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Mr Whistler’s Ten O’Clock
by [?]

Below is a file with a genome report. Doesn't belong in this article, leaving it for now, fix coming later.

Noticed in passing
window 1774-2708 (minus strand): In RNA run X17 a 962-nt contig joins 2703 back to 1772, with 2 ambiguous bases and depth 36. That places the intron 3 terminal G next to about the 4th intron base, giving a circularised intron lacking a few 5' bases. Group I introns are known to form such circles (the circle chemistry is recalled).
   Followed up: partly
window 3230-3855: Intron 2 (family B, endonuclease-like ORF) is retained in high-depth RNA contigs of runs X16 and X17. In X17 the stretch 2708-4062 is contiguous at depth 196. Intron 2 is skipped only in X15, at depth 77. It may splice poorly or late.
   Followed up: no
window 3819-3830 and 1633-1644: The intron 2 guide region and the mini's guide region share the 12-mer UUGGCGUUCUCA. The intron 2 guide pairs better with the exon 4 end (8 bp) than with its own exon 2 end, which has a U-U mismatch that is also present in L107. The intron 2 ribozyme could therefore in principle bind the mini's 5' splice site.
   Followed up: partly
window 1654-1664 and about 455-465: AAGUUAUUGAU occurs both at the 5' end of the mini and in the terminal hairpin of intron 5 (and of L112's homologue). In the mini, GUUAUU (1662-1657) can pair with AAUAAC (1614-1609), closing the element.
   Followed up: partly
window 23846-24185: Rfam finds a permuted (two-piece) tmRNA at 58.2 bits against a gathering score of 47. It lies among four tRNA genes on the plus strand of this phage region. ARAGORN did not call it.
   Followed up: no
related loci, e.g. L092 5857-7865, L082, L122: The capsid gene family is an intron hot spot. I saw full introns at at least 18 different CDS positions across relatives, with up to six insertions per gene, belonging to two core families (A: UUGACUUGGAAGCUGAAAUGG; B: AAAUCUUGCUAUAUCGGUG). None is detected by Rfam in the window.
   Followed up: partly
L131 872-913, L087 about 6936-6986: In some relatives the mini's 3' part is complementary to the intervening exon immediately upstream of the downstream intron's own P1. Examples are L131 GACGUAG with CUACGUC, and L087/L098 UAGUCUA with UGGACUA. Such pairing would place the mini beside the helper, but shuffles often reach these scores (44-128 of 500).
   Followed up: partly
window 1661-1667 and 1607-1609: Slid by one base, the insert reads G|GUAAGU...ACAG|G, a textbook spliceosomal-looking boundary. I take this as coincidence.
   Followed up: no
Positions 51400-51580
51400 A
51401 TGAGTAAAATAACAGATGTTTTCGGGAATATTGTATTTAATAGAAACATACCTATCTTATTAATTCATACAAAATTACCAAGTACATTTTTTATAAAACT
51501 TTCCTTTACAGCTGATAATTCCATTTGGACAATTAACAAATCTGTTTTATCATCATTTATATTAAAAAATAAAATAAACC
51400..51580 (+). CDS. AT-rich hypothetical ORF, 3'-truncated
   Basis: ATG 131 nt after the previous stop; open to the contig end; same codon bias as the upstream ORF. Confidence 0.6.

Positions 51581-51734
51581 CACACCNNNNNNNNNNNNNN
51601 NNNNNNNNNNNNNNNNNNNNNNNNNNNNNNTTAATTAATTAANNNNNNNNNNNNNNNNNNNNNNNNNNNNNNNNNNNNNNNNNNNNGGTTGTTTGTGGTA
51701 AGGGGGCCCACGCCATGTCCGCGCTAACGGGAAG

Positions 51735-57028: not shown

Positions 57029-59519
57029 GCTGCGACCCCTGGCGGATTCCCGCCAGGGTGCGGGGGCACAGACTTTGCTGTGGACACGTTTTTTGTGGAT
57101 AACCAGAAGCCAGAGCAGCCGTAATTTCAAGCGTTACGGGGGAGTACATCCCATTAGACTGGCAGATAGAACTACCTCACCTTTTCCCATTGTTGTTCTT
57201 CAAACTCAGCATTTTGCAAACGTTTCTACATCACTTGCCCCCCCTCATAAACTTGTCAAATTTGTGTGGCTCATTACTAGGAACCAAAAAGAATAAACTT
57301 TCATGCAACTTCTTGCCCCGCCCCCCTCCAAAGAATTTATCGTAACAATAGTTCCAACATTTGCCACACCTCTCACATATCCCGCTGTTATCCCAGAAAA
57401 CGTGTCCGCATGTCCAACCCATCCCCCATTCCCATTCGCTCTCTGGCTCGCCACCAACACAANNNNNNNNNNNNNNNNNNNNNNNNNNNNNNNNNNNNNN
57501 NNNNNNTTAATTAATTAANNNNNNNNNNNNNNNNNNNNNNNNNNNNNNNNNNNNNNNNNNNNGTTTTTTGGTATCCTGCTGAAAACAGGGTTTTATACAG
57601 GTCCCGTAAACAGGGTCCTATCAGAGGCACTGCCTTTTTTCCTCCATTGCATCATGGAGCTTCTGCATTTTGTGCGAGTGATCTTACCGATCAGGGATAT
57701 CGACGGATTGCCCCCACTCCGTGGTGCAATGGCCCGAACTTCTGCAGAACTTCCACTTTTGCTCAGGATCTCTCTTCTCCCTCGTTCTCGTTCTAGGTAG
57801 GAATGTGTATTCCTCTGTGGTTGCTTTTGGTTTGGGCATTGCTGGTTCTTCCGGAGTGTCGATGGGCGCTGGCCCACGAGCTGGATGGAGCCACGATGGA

Finally, after making a strong protest against anybody but a painter judging of painting, and a pathetic appeal to the audience not to be lured by the aesthetic movement into having beautiful things about them, Mr. Whistler concluded his lecture with a pretty passage about Fusiyama on a fan, and made his bow to an audience which he had succeeded in completely fascinating by his wit, his brilliant paradoxes, and, at times, his real eloquence. Of course, with regard to the value of beautiful surroundings I differ entirely from Mr. Whistler. An artist is not an isolated fact; he is the resultant of a certain milieu and a certain entourage, and can no more be born of a nation that is devoid of any sense of beauty than a fig can grow from a thorn or a rose blossom from a thistle. That an artist will find beauty in ugliness, le beau dans l’horrible, is now a commonplace of the schools, the argot of the atelier, but I strongly deny that charming people should be condemned to live with magenta ottomans and Albert-blue curtains in their rooms in order that some painter may observe the side-lights on the one and the values of the other. Nor do I accept the dictum that only a painter is a judge of painting. I say that only an artist is a judge of art; there is a wide difference. As long as a painter is a painter merely, he should not be allowed to talk of anything but mediums and megilp, and on those subjects should be compelled to hold his tongue; it is only when he becomes an artist that the secret laws of artistic creation are revealed to him. For there are not many arts, but one art merely–poem, picture and Parthenon, sonnet and statue–all are in their essence the same, and he who knows one knows all. But the poet is the supreme artist, for he is the master of colour and of form, and the real musician besides, and is lord over all life and all arts; and so to the poet beyond all others are these mysteries known; to Edgar Allan Poe and to Baudelaire, not to Benjamin West and Paul Delaroche. However, I should not enjoy anybody else’s lectures unless in a few points I disagreed with them, and Mr. Whistler’s lecture last night was, like everything that he does, a masterpiece. Not merely for its clever satire and amusing jests will it be remembered, but for the pure and perfect beauty of many of its passages–passages delivered with an earnestness which seemed to amaze those who had looked on Mr. Whistler as a master of persiflage merely, and had not known him as we do, as a master of painting also. For that he is indeed one of the very greatest masters of painting is my opinion. And I may add that in this opinion Mr. Whistler himself entirely concurs.